Taking (and retaking) the SAT, ACT or both has been a tradition of junior and senior high school students for decades. Students taking these tests hope to get the best score possible and secure a spot at their first-choice school. But due to the coronavirus pandemic, SAT and ACT testing dates have been cancelled from March up through June, and state examinations have also been cancelled for this school year. In the wake of these cancellations, many top private institutions have announced that they will go “test-optional” and waive ACT and SAT requirements for current high school juniors and others looking to enter college in the fall of 2021.
As of last week, more than two dozen schools have gone test-optional. Among those schools are highly-selective private liberal arts colleges like Williams and Amherst, as well as competitive Boston-area schools like Tufts, Boston University and Vassar. Certain state schools, like those in California, Washington and Oregon, have also adopted test optional policies. Most schools intend to extend this offer only for students applying to enter school in the fall of 2021 or spring of 2022, but certain admissions departments have said that going test-optional has been an ongoing discussion for some time and that the coronavirus has made their choice easier.
Schools choosing to go test-optional now do so partly out of practicality: There is currently no way to take either test – and neither the College Board nor the ACT have announced online testing procedures. But part of this is an issue of equity. Organizations have been lobbying for the removal of standardized testing requirements from college applications for years, criticizing both the SAT and ACT for favoring wealthier students, who already have an advantage when applying for school. Colleges that have made their applications test-optional prior to the coronavirus outbreak have done so to give low-income and otherwise disadvantaged students a greater chance at acceptance.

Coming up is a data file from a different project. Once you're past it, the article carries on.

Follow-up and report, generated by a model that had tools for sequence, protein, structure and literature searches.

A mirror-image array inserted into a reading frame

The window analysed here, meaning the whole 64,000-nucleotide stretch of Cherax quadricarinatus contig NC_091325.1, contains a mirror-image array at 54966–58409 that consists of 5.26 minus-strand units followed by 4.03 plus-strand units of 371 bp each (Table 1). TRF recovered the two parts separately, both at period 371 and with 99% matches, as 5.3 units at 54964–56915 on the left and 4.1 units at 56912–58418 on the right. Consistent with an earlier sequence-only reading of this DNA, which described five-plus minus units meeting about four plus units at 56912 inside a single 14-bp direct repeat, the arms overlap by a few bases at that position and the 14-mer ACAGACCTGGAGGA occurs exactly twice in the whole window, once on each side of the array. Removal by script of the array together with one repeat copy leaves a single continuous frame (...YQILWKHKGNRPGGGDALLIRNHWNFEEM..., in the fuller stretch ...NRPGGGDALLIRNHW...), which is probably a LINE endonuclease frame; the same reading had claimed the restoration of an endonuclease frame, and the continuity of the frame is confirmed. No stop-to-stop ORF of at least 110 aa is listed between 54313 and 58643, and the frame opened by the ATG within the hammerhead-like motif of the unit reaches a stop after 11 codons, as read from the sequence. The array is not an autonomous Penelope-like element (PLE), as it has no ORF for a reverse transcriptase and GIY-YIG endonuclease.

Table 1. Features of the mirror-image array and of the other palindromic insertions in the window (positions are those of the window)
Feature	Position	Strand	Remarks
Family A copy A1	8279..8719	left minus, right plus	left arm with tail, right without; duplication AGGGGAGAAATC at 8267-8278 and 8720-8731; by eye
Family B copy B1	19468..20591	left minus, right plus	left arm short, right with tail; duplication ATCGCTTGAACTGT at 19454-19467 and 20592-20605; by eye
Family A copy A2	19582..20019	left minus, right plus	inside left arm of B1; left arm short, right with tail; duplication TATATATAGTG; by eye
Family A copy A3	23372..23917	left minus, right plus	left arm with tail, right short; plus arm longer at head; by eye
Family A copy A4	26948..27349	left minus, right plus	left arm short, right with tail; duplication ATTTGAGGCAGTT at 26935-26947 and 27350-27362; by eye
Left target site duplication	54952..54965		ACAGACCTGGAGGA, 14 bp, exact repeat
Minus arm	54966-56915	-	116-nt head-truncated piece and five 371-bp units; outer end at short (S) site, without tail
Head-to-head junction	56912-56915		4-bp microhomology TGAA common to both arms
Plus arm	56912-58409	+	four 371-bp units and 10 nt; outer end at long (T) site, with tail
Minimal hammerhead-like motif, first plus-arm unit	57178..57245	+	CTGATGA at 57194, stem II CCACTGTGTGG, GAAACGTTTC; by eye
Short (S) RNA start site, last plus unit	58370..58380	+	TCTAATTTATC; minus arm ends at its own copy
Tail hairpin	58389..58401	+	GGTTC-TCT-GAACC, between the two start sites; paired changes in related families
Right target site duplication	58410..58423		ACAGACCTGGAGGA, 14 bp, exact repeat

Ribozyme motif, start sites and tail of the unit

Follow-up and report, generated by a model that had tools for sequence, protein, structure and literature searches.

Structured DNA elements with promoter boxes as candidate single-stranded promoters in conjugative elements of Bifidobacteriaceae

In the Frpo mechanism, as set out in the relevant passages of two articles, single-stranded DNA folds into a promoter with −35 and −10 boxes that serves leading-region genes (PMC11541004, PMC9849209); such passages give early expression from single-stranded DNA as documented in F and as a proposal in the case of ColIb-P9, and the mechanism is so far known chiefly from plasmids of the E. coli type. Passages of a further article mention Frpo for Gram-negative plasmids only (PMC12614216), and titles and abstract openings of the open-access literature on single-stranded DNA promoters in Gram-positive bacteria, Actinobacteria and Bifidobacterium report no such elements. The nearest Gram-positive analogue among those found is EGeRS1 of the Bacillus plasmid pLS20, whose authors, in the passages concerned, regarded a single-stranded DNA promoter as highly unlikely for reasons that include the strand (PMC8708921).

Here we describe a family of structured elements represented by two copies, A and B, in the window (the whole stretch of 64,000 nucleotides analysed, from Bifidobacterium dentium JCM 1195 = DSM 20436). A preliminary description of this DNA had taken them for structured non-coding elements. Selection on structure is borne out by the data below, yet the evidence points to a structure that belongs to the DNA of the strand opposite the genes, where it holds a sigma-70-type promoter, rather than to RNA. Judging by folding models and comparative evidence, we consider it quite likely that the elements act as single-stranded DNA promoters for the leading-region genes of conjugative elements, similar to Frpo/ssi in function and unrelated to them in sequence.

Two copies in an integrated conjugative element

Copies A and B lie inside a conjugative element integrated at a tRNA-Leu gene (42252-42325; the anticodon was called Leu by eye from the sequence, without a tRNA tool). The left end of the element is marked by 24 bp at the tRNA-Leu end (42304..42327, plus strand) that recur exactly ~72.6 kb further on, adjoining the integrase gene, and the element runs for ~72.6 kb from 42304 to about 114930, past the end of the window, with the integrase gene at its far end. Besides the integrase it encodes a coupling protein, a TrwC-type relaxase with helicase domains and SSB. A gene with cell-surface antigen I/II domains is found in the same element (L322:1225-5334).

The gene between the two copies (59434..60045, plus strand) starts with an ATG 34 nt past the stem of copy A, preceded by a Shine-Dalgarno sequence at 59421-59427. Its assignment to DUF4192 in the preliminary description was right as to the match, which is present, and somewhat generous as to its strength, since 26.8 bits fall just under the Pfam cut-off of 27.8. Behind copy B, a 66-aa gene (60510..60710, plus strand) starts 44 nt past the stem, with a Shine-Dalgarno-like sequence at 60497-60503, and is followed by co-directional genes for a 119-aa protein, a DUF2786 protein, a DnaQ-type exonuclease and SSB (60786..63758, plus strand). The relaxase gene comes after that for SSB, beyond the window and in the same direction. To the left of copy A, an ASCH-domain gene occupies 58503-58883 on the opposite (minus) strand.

Currently, the College Board is using the upcoming AP Exams as a trial run for online standardized testing, so it may be possible that the SAT and the ACT will be offered online come this fall. Even still, it’s likely that more and more colleges will go test-optional to compete with the schools that have already established the policy. And it’s possible that schools will see the benefits of removing standardized testing requirements and continue test-optional policies into further admittance cycles.
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